This is my first post with SCN. I am not an SAP user, I found myself in this ecosystem in 2009 when DataXstream LLC, an SAP Partner, needed marketing assistance. But our focus is on finding value add for the client, both in our staffing/solutions offerings and in our marketing efforts and so I am included in the team to attend SAP TechEd, Las Vegas.
I found Nate Silver’s keynote last night quite compelling. We have clients we are working with currently who are dealing with the very issue of data analysis. And they are insisting on using 3rd party software with algorithms to crunch their data and predict purchasing materials. When asked how will they test these results, they look at us blankly. After the keynote we met with a friend who experiences this in his place of work. The company demands real time data, caught in the hype of real time decisions, but isn’t able to analyze the data to make those decisions.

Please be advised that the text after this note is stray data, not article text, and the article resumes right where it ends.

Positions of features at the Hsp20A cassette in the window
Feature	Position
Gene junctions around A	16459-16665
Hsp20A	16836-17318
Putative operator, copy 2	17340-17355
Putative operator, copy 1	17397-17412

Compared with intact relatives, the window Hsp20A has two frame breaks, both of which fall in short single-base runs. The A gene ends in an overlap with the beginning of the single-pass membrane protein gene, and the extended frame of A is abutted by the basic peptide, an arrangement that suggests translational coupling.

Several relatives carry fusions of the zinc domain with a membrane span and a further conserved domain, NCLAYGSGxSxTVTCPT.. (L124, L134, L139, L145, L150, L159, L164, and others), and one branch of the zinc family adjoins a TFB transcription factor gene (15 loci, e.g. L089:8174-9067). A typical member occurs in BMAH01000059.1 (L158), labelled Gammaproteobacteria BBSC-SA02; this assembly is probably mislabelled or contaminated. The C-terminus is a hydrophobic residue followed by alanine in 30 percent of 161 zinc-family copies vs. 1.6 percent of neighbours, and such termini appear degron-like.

When SAP released HANA the analysts all replied, “big data, faster, great, but what will you do with it?” And there is the potential to make bad decisions faster, Mr. Silver illustrated this with an example of an erroneous tweet by a news agency that resulted in the stock market rapidly dropping in value and then recovering almost as quickly.
Silver spoke quite a bit about Bayesian Statistics, and the need to think in probabilities, the need to experiment, the need to err and learn. And he ended with Peit Heim’s “Road to Wisdom” Err and err and err again, but less and less and less.
The question for me now is, how much can a client afford to experiment and err? In today’s business world there can be serious consequences to bad decisions. This points to the need for data scientists. And brings me back to the example of the client who has chosen to use a third party software to analyze the data for them, essentially provided them with someone to blame for mistakes, without taking into consideration their need to test the results, or fine tune the results.
In the hype surrounding more data faster, the need for data analysis is easy to overlook. Mr. Silver cautions, there is a need to apply human skepticism to the data you produce.
I do not know if this keynote will be available in the replays, if it is and you missed it I highly recommend it.